Large-capacity magazines are off the market for California gun owners again.
A federal judge who last week struck down a California law banning high-capacity firearm magazines has agreed to halt temporarily the implementation of his decision while the state prepares to challenge his ruling at the 9th Circuit Court of Appeal.
The stay in the ruling means California gun owners cannot buy magazines that hold more than 10 rounds of ammunition. They can keep large-capacity magazines they own.
Judge Roger Benitez on March 29 published a fiery opinion finding that California’s ban on high-capacity magazines violated Californians’ Second Amendment right to own firearms.
He detailed scenarios in which a high-capacity magazine would be helpful to someone trying to protect herself from a criminal, and he criticized the state law as overreaching in its attempt to prevent mass shootings.
Gun manufacturers and ammunition retailers immediately seized on Benitez’s ruling to market products to Californians. Manufacturer Beretta, for instance, promoted a discount at its online store in connection to court ruling.
Becerra this week filed a motion asking for a stay on the ruling, contending that lifting the ban would allow large-capacity gun magazines to pour into California.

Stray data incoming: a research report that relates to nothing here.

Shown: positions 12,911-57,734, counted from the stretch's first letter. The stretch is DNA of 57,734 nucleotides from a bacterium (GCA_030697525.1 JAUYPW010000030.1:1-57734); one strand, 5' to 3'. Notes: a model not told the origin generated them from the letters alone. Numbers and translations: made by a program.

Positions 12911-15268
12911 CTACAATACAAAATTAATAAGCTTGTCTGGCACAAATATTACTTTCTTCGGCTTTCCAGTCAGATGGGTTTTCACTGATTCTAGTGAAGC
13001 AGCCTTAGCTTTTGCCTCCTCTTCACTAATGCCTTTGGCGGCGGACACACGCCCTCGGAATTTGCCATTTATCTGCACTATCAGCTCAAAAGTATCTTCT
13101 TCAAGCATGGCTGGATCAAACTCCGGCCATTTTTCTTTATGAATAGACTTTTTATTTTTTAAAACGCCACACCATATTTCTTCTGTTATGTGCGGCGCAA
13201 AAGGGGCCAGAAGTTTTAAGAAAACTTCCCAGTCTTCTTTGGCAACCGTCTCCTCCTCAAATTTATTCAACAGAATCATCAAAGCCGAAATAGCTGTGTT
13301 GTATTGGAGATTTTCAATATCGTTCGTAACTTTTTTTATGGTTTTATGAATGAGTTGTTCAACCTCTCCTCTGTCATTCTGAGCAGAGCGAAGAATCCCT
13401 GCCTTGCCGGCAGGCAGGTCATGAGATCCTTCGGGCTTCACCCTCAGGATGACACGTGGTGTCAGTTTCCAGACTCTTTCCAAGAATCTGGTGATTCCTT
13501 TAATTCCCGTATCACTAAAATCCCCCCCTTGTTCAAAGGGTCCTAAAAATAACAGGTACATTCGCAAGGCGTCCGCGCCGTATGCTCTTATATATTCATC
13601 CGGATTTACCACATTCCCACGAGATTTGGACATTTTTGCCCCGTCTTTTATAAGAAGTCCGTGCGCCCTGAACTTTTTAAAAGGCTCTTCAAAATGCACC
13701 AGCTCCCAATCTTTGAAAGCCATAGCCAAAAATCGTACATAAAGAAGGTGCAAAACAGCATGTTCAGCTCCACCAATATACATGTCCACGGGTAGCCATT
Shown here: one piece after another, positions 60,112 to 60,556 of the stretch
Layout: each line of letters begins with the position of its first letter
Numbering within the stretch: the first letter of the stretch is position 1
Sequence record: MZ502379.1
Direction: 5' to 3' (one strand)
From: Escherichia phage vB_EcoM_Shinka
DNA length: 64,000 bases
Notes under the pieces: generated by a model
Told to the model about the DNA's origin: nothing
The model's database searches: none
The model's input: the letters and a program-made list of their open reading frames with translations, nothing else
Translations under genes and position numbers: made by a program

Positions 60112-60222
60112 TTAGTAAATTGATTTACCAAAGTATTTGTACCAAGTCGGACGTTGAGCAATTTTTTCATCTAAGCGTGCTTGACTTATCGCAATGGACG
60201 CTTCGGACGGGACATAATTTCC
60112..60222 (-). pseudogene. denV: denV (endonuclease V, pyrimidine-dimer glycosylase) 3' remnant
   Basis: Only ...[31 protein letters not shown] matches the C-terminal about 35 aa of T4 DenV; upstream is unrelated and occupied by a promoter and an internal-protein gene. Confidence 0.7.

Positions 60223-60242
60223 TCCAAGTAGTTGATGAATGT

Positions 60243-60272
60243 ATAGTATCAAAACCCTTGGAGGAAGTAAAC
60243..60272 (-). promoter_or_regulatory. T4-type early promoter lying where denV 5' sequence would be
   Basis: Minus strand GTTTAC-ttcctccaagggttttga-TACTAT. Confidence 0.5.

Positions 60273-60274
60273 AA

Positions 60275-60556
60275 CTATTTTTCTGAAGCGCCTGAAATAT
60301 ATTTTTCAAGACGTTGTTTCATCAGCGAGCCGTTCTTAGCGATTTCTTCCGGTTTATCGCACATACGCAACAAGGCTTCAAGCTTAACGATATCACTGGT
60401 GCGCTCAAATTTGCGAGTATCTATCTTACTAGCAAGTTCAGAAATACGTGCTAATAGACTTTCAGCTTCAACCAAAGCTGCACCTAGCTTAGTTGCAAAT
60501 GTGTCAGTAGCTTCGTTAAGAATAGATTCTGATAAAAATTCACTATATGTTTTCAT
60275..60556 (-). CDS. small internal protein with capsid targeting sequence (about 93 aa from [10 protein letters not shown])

“It’s clear that there are those who are now trying to flood the state of California with what were until this decision, illegal high-capacity magazines, the type of magazines that are used in firearms to create the mass shootings that we’ve seen throughout this country,” Becerra said at a press conference.
Benitez’s court on Friday published his order granting Becerra’s request.
Benitez wrote, “the court understands that strong emotions are felt by people of good will on both sides of the constitutional and social policy questions. The court understands that thoughtful and law-abiding citizens can and do firmly hold competing opinions on firearm magazine restrictions. These concerns auger in favor of judicial deliberation. There is an immeasurable societal benefit of maintaining the immediate status quo while the process of judicial review takes place.”